The Big Three Middle Eastern airlines are synonymous with luxury and status: a feature that allows them to punch way above their weight in brand recognition. Everybody knows Emirates, Etihad Airways, and Qatar Airways ‒ the big Three of the Middle East.
They fly the newest and the largest wide-body jets and operate in a hub-and-spoke model – only connecting the largest and the most prestigious destinations. They are an antithesis of low-cost carriers, never passing an opportunity to show off, and thrive not without the backing of their respective governments.
But one of them is not like the others. Etihad Airways, one of the two UAE-based ME3 airlines, have been struggling to keep up with the other two. It has encountered all kinds of financial and management troubles even before the COVID-19 crisis; it has been very slow at rebuilding the post-lockdowns network, and its massive investments in foreign airlines have turned out to be disastrous.
It is still a large, luxurious, hub-and-spoke airline from the Middle East, but can it be compared to the other two? Is it fair to call it one of the Big Three? Let’s take a look.
Is Etihad Airways shrinking?
As of March 2021, Etihad Airways flew to almost twice fewer destinations than Emirates and Qatar Airways. It was rebuilding its network painfully slowly – only significant additions to it happened in June and September 2020, right after the first wave of lockdowns passed.
In fact, the carrier’s network has been getting smaller for a while now. Its rapid expansion after the start of operations in 2003 was rivaled by almost as rapid contraction after the peak in 2014.
A similar trend can be observed in its fleet, which started contracting in 2017. Has the airline been shrinking?
While Etihad’s network and fleet have been shrinking, its passenger numbers stayed roughly the same though. A small decrease can be noticed since 2017, but not even close to that observed in network and fleet size.
Failing to catch up
This graph has several important caveats when it comes to the comparison among the Big Three. It shows the performance not through the calendar year, but through the fiscal year (FY) – meaning that the “year” starts and stops whenever the airline decides so. For instance, Etihad’s FY ends in December, but both Emirates and Qatar end their fiscal years in March. In turn, this means that the COVID-19 pandemic – which hit all three air carriers around the same time – is not really reflected in the numbers of two airlines. As of late April 2021, neither Qatar nor Emirates have published their FY 2021 data, which would have been a lot more relevant for comparison with Etihad’s FY 2020 due to a much larger overlap.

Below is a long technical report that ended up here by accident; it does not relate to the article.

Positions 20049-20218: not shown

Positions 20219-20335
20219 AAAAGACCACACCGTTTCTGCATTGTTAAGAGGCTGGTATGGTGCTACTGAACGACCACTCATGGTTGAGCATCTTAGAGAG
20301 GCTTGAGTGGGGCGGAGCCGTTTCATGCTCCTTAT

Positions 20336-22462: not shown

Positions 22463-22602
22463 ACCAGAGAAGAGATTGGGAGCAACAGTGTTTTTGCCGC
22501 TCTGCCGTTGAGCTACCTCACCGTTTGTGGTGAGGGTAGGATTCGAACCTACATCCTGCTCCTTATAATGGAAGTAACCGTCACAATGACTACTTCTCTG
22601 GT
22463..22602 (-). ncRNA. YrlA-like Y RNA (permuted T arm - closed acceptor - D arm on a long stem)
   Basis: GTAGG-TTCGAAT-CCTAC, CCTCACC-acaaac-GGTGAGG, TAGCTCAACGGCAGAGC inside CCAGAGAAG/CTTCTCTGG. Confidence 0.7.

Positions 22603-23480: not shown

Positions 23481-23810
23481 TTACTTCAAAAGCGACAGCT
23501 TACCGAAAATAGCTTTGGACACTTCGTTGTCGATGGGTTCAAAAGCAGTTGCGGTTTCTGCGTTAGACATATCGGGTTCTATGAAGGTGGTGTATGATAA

Nevertheless, the trend is clear: when it comes to passengers, Etihad has not been contracting, but rather staying roughly on the same level between 2015 and 2019, with only a slight decrease; 2020 has thrown that trend out of the window, but it did the same for all airlines worldwide.
But in comparison with Emirates and Qatar – both of which were steadily increasing their numbers through the years – Etihad’s performance seems mediocre at best. Even more, looking at the number of passengers transported, the company seems rather small when seen besides both of its Middle-Eastern rivals.
The same can be said about its financial footprint. When looking at it, the full extent of Etihad’s troubles becomes clear.
The airline’s revenue has been shrinking dramatically since 2015. At the time, the company rivaled Qatar Airways in its financial footprint but has collapsed since then.
Once again, we will have to wait for Emirates and Qatar’s FY 2021 results to compare the 2020 performance. Nevertheless, Etihad’s situation does not seem good.
Both Emirates and Qatar Airways have suffered a lot due to the pandemic. The former had a very good initial position, while the latter performed objectively better through the trouble-ridden year and emerged comparatively stronger in early 2021 in terms of both network and flights – outperforming even Emirates.
Etihad’s future, in this context, seems murky. If it continues like that, there is not that much time since its inclusion in the Big Three of the Middle East will seem like a stretch